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5 Tips to Avoid Student Loan Scams

College is an important part of your education and your life. And it can get expensive. So it’s understandable that you might need some help to pay for it. But be careful! There are many scammers who target students with loan debt.

Here are tips to help you avoid these scams:

  1. Don’t give out personal info.  Scammers will often claim they can have your whole student loan debt “forgiven.” In exchange, they’ll want you to hand over your Social Security number and other personal information. Never give your personal information out over the phone or on an unsecured website.
  2. Consider the source. Did you see an ad for this service online? Did the ad have the President’s picture and a lot of exclamation points? Then it’s probably not a reputable company. Several scammers are claiming they can get relief for borrowers under a “federal loan forgiveness program.” This is not a real program.
  3. Never pay up front. Student loan scammers want you to pay big fees before they’ll help you. A reputable loan relief company won’t charge you without knowing your situation and without helping you reach a payment plan with your lender.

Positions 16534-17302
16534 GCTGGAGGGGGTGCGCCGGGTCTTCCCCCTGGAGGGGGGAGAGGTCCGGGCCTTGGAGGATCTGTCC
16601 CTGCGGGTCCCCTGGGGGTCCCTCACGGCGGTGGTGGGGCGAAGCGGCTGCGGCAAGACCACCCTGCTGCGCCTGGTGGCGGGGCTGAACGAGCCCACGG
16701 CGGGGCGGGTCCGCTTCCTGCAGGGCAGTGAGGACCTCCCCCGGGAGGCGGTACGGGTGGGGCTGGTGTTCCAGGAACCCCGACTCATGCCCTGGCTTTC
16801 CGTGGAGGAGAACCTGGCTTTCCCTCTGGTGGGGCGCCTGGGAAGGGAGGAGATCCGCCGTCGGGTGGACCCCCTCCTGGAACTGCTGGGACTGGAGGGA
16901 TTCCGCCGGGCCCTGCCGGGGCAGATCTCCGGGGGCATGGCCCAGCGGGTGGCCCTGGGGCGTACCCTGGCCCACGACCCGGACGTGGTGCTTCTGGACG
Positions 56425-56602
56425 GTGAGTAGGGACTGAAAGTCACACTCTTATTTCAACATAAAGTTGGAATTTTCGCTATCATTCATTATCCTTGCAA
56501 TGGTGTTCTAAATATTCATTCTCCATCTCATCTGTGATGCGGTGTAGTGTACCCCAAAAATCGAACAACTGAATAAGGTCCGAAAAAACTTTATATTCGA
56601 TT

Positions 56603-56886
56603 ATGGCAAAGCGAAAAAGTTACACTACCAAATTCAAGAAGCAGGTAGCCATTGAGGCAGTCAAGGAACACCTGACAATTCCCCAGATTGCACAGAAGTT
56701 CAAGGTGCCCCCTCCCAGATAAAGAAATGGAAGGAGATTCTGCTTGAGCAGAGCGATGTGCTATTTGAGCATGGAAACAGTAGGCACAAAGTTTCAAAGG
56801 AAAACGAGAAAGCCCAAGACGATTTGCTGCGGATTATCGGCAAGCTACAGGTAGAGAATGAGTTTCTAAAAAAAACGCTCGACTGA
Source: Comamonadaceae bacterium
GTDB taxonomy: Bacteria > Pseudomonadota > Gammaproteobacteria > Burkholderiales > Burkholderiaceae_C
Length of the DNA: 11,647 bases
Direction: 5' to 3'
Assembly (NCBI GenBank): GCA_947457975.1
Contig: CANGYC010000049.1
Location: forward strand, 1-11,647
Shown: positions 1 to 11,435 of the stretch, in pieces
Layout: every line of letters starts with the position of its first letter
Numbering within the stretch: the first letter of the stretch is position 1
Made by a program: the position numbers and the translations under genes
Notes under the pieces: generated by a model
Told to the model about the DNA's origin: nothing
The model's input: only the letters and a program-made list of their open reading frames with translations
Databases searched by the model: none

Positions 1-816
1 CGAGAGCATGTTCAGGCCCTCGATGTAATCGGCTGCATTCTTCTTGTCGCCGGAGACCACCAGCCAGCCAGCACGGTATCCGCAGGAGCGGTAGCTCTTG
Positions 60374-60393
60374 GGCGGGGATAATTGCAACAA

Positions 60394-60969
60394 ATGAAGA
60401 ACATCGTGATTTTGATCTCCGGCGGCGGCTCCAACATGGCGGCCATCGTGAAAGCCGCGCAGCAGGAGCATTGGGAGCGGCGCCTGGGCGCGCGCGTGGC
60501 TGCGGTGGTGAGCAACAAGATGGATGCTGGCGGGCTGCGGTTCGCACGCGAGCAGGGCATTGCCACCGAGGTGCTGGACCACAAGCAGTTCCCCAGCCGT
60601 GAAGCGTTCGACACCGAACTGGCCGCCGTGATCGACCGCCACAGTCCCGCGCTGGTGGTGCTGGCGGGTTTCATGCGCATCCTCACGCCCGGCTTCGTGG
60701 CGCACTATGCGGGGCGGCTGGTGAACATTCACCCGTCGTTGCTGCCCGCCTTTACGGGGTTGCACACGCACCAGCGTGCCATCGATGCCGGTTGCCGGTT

4. They can’t make your debt go away. It’s very rare for a borrower to have loans forgiven outright. Only scammers make that kind of big promise.
  5. Don’t let them pressure you. Only scammers will threaten you with missing out on help if you don’t respond (or pay) immediately to accept their services.

So how can you find out your options for repaying student loan debt? Our partners at GreenPath Financial Wellness have put together a helpful guide about your repayment options.

Need options for student loans? Shop around. Ask questions. An honest lender won’t mind answering them. Credit unions often offer lower-rate student loans than banks or other lenders. Plus, credit unions offer checkingsavings, and other resources to get you started on a bright financial future.

This article should not be considered legal, tax, or financial advice. You may wish to consult a tax or financial advisor about your individual financial situation.

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